Like many other growers, we are further ahead with our autumn work than we have ever been. In fact, we are almost grinding to a halt and will need to be a bit patient.
The main outstanding task is the drilling of 300ha of Mascani oats across the farms. Most of these are conservation grade oats for Jordans and Ryvita, while the 80ha grown in Nottinghamshire are for seed. On the Royston farms, most oats will be following wheat. At present, there are too many unchitted wheat grains and unthreshed ears lying around on the stubbles to allow a start with ploughing, so these areas are being cultivated again in the hope of rain.
The choice of oat varieties is much simpler than wheat. A manager at a national seed company told me that in the past month he had processed 36 different wheat varieties through his plant. Furthermore, he had to contend with a bewildering combination of seed dressings, bag sizes and designs in a season that was only nine weeks, compared with the more usual 12 weeks.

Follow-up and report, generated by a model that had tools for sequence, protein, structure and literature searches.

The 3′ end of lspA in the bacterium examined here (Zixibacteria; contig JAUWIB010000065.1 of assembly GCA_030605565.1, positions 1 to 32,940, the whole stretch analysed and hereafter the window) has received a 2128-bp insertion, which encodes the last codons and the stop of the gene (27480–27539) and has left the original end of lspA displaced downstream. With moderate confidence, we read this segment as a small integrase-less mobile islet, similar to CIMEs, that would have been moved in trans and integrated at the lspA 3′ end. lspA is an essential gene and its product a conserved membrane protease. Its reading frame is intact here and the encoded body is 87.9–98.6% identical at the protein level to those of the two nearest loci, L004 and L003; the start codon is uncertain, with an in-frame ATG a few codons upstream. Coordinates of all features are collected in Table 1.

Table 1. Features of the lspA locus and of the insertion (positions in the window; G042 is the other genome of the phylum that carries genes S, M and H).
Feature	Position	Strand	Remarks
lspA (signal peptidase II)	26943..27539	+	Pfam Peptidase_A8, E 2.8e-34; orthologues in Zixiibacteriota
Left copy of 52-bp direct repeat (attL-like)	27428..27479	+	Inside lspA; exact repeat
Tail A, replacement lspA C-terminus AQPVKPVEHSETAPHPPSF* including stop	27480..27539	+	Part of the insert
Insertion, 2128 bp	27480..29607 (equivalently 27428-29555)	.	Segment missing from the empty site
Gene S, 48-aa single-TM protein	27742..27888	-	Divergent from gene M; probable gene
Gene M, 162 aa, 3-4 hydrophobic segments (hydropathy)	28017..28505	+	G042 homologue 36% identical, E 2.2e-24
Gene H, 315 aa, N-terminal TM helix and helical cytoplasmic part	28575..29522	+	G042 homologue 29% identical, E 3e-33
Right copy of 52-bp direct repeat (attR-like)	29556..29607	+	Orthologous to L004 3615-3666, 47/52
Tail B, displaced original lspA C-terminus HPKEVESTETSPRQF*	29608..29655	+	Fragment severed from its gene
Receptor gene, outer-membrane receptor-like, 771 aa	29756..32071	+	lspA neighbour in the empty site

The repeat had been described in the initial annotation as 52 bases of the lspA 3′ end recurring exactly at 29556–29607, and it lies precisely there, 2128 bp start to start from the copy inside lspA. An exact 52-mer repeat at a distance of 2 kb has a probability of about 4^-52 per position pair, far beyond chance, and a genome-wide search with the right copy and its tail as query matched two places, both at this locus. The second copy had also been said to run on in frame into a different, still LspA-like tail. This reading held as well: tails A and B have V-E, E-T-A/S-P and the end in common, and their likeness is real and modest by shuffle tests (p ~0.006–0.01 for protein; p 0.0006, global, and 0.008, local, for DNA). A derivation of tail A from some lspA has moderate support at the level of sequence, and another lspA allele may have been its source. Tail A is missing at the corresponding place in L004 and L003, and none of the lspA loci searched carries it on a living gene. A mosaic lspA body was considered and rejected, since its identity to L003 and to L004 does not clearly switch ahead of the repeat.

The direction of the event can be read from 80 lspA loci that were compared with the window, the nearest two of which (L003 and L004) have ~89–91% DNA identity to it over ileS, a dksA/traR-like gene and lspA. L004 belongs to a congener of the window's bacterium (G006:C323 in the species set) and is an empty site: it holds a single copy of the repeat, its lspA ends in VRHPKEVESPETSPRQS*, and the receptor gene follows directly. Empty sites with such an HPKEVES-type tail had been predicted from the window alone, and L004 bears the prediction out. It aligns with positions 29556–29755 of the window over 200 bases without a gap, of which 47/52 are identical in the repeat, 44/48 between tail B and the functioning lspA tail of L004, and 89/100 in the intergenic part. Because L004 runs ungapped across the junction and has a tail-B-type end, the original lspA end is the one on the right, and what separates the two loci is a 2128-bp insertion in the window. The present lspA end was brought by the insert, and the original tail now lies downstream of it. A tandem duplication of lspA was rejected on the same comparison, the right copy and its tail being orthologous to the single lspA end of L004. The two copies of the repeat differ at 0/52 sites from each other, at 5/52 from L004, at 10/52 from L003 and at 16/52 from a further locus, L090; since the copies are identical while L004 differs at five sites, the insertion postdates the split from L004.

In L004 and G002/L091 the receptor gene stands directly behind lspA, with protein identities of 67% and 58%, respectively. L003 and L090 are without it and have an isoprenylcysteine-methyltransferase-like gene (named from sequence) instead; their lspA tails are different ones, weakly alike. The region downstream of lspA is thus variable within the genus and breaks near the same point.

Many thanks to all who supported our quest in the RSPB Telegraph Nature of Farming Award. Nationally, more than 330 farms entered. It was a great honour to be Eastern winner and to get to the final four in the national competition. Over 22,000 members of the public voted to select a winner from the four finalists. This has been a very positive story for farming and the sheer number of entrants has raised awareness of what growers are actually achieving out on their farms.
We attended the Farmers Weekly Awards night in London last week, as our stalwart of the Royston farms, Mark Moule – alias “the fourth emergency service” – sought to become the 2011 Farmworker of the Year.
Arable Farmer Focus: Robert Law